Domestic Violence Injunction

In order to file a petition for an domestic violence injunction, the petitioner must be a victim of domestic violence OR in imminent danger of becoming a victim of domestic violence. Domestic violence can include, but is not limited to:

  • Assault
  • Aggravated assault
  • Battery
  • Aggravated Battery
  • Sexual Assault
  • Sexual Battery
  • Stalking
  • Kidnapping
  • False Imprisonment
  • Or any other criminal offense resulting in physical injury or death to one family or household member by another family or household member
In determining whether a Petitioner has “reasonable cause to believe he or she is in imminent danger of becoming a victim of domestic violence,” a Court must consider all relevant factors alleged in the petition for injunction for protection against domestic violence, including, but not limited to:

  • History between the petitioner and the respondent, including threats, harassment, stalking and physical abuse;
  • Whether the respondent has attempted to harm the petitioner or family members or individuals closely associated with the petitioner;
  • Whether the respondent has threatened to conceal, kidnap, or harm the petitioner’s child or children;
  • Whether the respondent has used or has threatened to use, against the petitioner any weapons such as guns or knives;
  • Whether the respondent has intentionally injured or killed a family pet;
  • Whether the respondent has physically restrained the petitioner from leaving the home or calling law enforcement;
  • Whether the respondent has a criminal history involving violence or the threat of violence;
  • The existence of a verifiable order of protection issued previously or from another jurisdiction;
  • Whether the respondent has destroyed person property, including, but not limited to, telephones or other communication equipment belonging to the petitioner.

In addition, in order for the Court to issue a domestic violence injunction, the petitioner and respondent must be family or household members. Family or household members include spouses, former spouses, person related by blood or marriage, person who are presently living together as a family or who have lived together in the past as a family and persons who are parents of a child together regardless of whether or not they have been married or lived together.

Steps for Filing Domestic Violence Injunction

The flow chart provides a very basic outline of the process for getting a domestic violence injunction. Generally the steps are as follows:
  • Petition for Protection from Domestic Violence is filed
  • The Court will review the Petition and any additional evidence presented on its own, without either party being present.
  • The Court will either issue a Temporary Injunction or deny the petition for injunction based upon its review of all the information provided.
  • If the Temporary Injunction is granted, a final hearing will be scheduled by the Court within 15 days. If the Temporary Injunction is denied, the Petitioner can still request a hearing before the Court.
  • At the Final Hearing, both sides present any and all witnesses and evidence that they have that either support the issuance or the denial of a permanent injunction.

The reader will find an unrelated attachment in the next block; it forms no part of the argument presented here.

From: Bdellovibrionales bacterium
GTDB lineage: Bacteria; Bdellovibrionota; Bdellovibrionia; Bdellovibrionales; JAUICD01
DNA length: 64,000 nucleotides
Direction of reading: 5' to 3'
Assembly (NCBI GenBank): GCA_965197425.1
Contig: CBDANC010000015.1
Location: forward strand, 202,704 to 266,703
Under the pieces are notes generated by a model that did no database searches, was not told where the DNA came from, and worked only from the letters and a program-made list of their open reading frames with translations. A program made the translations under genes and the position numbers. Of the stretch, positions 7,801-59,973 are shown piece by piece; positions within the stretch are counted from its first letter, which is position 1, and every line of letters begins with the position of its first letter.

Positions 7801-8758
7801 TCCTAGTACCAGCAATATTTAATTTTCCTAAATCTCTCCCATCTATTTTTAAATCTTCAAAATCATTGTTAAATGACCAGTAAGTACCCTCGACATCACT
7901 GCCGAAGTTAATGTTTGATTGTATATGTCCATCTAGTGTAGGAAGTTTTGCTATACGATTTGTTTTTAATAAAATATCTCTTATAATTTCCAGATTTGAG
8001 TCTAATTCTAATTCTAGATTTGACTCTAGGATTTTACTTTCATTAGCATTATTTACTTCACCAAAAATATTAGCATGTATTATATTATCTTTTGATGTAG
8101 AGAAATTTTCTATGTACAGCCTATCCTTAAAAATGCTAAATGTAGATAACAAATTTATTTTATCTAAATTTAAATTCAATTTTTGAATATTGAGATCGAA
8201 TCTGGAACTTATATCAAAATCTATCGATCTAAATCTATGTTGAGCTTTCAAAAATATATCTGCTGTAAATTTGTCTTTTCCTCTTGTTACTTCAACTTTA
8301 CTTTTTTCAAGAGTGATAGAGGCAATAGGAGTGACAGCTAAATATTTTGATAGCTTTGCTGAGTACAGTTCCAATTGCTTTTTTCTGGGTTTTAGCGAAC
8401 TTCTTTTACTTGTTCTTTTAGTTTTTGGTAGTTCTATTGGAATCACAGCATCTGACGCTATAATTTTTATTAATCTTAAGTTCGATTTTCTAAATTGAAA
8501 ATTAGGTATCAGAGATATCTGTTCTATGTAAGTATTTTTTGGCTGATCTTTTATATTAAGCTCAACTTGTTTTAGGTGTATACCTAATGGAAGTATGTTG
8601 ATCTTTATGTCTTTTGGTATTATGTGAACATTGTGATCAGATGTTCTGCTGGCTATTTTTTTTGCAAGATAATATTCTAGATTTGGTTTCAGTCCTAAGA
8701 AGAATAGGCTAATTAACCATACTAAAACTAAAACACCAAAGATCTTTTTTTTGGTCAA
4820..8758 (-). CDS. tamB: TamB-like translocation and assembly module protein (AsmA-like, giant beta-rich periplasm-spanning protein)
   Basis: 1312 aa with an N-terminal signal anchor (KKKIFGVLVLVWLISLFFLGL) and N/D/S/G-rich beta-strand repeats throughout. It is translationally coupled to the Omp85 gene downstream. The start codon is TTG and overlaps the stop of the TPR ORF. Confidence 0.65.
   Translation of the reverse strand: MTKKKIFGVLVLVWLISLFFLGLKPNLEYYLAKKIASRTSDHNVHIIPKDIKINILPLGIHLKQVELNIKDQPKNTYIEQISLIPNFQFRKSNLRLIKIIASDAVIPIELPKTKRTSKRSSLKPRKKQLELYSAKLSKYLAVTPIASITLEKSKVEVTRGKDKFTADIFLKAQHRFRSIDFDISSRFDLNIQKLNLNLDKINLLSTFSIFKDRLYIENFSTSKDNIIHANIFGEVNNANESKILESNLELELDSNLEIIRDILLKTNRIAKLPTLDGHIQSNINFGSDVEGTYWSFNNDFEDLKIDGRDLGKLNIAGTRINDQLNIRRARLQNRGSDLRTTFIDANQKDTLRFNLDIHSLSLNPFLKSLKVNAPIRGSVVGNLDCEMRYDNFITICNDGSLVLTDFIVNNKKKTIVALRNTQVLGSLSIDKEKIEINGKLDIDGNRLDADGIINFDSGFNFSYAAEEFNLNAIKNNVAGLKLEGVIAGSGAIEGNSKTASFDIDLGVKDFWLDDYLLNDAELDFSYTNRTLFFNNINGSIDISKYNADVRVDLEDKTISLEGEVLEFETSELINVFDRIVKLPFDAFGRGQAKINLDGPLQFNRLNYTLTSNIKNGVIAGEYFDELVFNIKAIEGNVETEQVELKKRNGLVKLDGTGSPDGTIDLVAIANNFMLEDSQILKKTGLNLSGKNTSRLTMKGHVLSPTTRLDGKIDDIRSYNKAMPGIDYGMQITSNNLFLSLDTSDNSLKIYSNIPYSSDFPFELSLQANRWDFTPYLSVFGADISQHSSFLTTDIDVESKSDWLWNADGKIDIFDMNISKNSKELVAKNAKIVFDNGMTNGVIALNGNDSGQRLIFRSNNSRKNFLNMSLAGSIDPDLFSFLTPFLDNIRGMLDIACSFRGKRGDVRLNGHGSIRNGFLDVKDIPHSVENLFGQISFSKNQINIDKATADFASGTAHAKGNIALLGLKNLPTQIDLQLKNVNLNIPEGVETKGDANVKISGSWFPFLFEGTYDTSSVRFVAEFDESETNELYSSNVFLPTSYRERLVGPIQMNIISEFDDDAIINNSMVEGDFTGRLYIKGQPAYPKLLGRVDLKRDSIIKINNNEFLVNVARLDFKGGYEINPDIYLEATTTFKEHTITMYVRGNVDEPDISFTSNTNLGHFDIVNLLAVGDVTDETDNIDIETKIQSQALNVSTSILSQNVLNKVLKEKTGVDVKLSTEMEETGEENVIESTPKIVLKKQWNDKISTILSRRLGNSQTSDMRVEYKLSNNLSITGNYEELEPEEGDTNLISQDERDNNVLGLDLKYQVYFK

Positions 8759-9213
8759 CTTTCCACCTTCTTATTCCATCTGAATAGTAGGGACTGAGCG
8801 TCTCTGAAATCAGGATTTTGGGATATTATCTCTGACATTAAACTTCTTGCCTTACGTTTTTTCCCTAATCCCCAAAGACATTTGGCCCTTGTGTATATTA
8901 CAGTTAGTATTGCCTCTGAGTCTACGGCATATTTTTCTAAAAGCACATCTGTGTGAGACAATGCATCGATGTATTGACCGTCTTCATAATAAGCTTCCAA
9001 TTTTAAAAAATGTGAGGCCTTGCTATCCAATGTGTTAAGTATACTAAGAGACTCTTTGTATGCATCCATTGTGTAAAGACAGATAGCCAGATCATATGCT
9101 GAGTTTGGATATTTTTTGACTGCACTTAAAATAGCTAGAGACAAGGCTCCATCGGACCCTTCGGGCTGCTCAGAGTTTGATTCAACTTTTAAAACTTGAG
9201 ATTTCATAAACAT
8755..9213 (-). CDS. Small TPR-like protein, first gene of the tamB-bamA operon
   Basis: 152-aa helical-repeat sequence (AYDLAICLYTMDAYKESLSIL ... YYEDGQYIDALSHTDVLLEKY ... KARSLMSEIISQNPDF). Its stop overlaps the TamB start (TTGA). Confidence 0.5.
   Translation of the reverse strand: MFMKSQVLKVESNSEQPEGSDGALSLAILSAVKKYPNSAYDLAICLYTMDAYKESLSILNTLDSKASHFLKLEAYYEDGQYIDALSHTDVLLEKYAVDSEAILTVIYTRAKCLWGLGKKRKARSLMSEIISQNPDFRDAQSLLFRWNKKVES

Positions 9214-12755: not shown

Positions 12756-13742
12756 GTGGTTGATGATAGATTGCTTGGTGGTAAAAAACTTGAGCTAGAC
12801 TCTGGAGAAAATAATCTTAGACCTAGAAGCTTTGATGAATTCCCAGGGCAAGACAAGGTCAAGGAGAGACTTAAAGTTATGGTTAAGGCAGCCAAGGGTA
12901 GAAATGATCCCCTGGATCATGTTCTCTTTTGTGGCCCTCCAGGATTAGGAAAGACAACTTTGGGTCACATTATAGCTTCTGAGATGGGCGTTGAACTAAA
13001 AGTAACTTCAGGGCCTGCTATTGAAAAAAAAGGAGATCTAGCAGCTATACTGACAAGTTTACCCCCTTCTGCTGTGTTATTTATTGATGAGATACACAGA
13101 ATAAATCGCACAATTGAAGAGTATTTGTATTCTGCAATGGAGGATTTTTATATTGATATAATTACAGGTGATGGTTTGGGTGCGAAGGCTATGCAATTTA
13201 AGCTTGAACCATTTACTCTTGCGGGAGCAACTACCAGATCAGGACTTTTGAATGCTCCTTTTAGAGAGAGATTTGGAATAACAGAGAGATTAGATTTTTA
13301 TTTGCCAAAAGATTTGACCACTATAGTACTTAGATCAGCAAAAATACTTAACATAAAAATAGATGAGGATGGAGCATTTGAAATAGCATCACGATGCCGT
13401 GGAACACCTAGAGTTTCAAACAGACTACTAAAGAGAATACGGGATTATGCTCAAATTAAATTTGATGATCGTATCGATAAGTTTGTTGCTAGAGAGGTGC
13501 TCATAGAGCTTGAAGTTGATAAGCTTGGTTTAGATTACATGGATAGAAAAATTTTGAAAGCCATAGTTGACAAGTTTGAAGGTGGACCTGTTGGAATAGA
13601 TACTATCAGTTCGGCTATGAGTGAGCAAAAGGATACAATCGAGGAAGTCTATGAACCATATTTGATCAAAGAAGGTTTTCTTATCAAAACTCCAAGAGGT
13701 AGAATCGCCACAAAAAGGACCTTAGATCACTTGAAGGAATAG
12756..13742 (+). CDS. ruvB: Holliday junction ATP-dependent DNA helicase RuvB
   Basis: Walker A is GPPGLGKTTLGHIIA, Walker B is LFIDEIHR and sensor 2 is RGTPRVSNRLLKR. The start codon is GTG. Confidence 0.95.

Injunction for Protection Against Repeat Violence

In those instances where an individual is seeking protection from the Court, but the individual whom they are filing the injunction against is not a “family or household member,” and they have not had a romantic relationship with them, there remains the possibility of obtaining an injunction. Injunctions for protection against repeat violence require:

  • Two Incidents of violence or stalking committed by the respondent, which are against the petitioner or the petitioner’s immediate family member; and
  • One of the two incidents of violence or stalking must have been within 6 months of the filing of the petition

Injunction for Protection Against Dating Violence

Violence between individuals who have or have had a continuing and significant relationship of a romantic or intimate nature may result in the issuance of an Injunction for Protection Against Dating Violence. Much like a domestic violence injunction, the petitioner must demonstrate that they have been a victim of dating violence or that there is reasonable cause to believe that they are in imminent danger of becoming the victim of an act of dating violence. The existence of a dating relationship shall be determined on the consideration of the following factors:

  • A dating relationship must have existed in the past 6 months
  • The nature of the relationship must have been characterized by the expectation of affection or sexual involvement between the parties; and
  • The frequency and type of interaction between the persons involved in the relationship must have included that the persons have been involved over time and on a continuous basis during the course of the relationship

Consequences of Having a Final Injunction Issued Against You

While a final injunction may appear to simply be a piece of paper telling you to stay away from someone else, the consequences of having a final injunction issued against you can be severe. Some of the consequences include:

  • Limiting visitation with your children or requiring visitation with your children to be supervised
  • Prohibited under both Federal and State law from owning or possessing a firearm
  • Current employment status or employment applications may be affected
  • Professional licenses may be affected
  • Entry to the military may be affected
  • Admission to schools, colleges and universities may be affected
  • A future violation of a final injunction may affect a resident alien’s application for citizenship and could result in deportation
  • A future violation of a final injunction could subject you to arrest and criminal sanctions.